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The Spy in Black (1939)

Approved | | Thriller, War | 7 October 1939 (USA)
A German submarine is sent to the Orkney Isles in 1917 to sink the British fleet.

Director:

Writers:

(story), (screenplay) | 1 more credit »
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1 win. See more awards »
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Cast

Cast overview, first billed only:
...
...
Ashington
...
The School Mistress
Marius Goring ...
Schuster
...
Anne Burnett
Athole Stewart ...
The Rev. Hector Matthews
Agnes Lauchlan ...
Mrs. Matthews
Helen Haye ...
Mrs. Sedley
Cyril Raymond ...
The Rev. John Harris
George Summers ...
Captain Ratter
Hay Petrie ...
Engineer
Grant Sutherland ...
Bob Bratt
Robert Rendel ...
Admiral
Mary Morris ...
Chauffeuse
Margaret Moffat ...
Kate (as Margaret Moffatt)
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Storyline

When a German U-Boat captain is sent on a spying mission to the North of Scotland during World War One, he finds more than he bargained for in his contact, the local schoolmistress. Written by Ian Harries <ih@doc.ic.ac.uk>

Plot Summary | Add Synopsis

Taglines:

TODAY'S U-BOAT TERROR MAKES THIS THE YEAR'S TIMELIEST PICTURE! See more »

Genres:

Thriller | War

Certificate:

Approved | See all certifications »

Parents Guide:

 »
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Details

Country:

Language:

|

Release Date:

7 October 1939 (USA)  »

Also Known As:

The Spy in Black  »

Box Office

Budget:

£47,300 (estimated)
 »

Company Credits

Show detailed on  »

Technical Specs

Runtime:

Sound Mix:

(Western Electric Mirrophonic Recording)

Aspect Ratio:

1.37 : 1
See  »
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Did You Know?

Trivia

There was a U29 in the German Navy during the Great War. It was sunk in the Pentland Firth in 1915, by being rammed by HMS Dreadnought. See more »

Goofs

There has never been a HMS Connaught in the British Navy. See more »

Quotes

The Reverand John Harris: That medal ribbon. I don't seem to recognise it. What is it?
Captain Hardt: The Iron Cross... Second Class.
The Reverand John Harris: Second Class... then you must be a prisoner of war?
Captain Hardt: No.
[draws gun]
Captain Hardt: You are.
The Reverand John Harris: Oh dear.
See more »

Crazy Credits

Opening credits prologue: KIEL BASE OF THE GERMAN GRAND FLEET 1917 See more »

Connections

Referenced in Return to the Edge of the World (1978) See more »

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User Reviews

Good old British entertainment
21 February 2004 | by (United Kingdom) – See all my reviews

This excellent birth of "The Archers" just managed its London premiere the very week WWII was declared in Britain and all places of entertainment were ordered to close,albeit temporarily. Second of all Veidt was and is my favourite actor,having seen all but some rare silents from "Caligari" onwards. He was the definitive popular German swine(Eric Von,notwithstanding)although he did play many other parts - Jew Suss/Under The Red Robe,a mediaeval swashbuckler, the mysterious stranger in "Passing of the 3rd Floor,Back" or the aviator in "FP1"(English version). Shortly after fleeing the Nazis (whom he loathed) in the 30s he gladly set up a home near Korda's famous Denham studios and was a doting father to his daughter while soon becoming the tall and cultured idol of thousands of women.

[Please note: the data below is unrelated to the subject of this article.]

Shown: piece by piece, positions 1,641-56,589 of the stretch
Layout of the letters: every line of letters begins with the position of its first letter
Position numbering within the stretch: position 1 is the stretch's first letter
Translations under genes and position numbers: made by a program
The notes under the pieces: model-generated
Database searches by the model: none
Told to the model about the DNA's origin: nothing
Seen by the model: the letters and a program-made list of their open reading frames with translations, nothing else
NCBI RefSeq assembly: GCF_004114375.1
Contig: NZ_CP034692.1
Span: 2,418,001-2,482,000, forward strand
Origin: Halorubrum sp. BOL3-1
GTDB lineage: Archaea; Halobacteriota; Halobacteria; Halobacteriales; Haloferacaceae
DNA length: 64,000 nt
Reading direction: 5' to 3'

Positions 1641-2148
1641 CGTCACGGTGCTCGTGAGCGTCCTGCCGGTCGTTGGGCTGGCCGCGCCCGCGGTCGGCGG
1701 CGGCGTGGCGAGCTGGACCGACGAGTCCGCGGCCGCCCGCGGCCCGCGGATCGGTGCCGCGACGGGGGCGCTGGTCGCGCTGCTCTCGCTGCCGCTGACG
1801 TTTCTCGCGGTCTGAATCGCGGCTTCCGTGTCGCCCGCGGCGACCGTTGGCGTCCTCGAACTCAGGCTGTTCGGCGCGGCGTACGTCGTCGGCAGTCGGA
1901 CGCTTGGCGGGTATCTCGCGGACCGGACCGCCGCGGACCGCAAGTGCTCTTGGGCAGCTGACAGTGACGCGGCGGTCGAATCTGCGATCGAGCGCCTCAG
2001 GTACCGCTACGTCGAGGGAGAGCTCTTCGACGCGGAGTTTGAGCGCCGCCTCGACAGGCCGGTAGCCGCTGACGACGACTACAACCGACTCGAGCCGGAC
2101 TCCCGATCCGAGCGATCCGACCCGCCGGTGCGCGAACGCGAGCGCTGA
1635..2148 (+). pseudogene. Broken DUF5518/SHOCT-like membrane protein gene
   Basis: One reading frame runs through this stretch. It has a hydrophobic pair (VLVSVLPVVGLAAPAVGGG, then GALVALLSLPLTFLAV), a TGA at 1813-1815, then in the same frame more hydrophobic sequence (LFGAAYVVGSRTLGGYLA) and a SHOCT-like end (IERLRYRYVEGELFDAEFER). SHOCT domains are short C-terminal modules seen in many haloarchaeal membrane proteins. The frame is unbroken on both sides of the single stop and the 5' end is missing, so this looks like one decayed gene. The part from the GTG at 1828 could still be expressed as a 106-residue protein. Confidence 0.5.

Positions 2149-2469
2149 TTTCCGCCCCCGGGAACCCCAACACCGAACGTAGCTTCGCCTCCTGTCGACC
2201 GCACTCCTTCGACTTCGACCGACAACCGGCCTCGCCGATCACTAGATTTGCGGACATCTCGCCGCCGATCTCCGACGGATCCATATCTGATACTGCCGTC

He was also a Korda favourite and this first pairing with then one of Britain's favourite glamour girls.Valerie Hobson, following her brief success with Universal,he was rushed into another naval adventure,"Contraband" equally entertaining. Like,say, Hitchcock's "The Lady Vanishes", this is great escapist stuff with a mystery character at the centre of the story. But one point in the movie has always bothered me - just how does one manhandle a motor cycle up the steep conning tower of a submarine? We are never shown how Veidt managed it!

By the same token, how did Erik in "Phantom of the Opera" manage to get his organ/piano into his hideout amongst the Paris sewers? After all, we see the problem he had with the small boat! Curiously, Veidt's Nazi officer in "Escape" & "Casablanca" both died in the middle of a phone call while attempting the prevent an escape.

"Spy" has its share of amusing lines & allusions. On his entry at the start he & fellow submariner get seated at a crowded fashionable hotel anticipating a slap-up meal after a long period at sea only to be told almost every dish is "off" - even for naval officers. They leave in disgust & still starved. A while later when Hardt has been secretly landed on the Orkneys with motorcycle,late at night & having avoided discovery.he meets his contact V Hobson (a British agent posing as a local teacher)at home. Entering the kitchen he stops short & stares hard,alarming her and utters the word "boota!" in some disbelief which she interprets as "no,"butter!".and as he proceeds to dig with relish into a side of ham he remarks "These English - they are so long without their food!" The time was WW1 and an ironic comment on the German shortages - but the film's settings were equally appropriate to forthcoming WW2 conditions in Britain. During the film's production all the menacing signs of 1938/1939 were there but it seemed only Churchill was convinced of the inevitable when everyone wanted to believe Chamberlain. The film's scheduled release to London's Odeon cinema did not anticipate the decisive act of Germany's invasion of Poland.

Sadly, there was a real-life similarity in both Veidt's & Bing Crosby's sudden collapse just following a game of golf. Veidt had barely turned 50 as a Warner's star and still had lots to offer.


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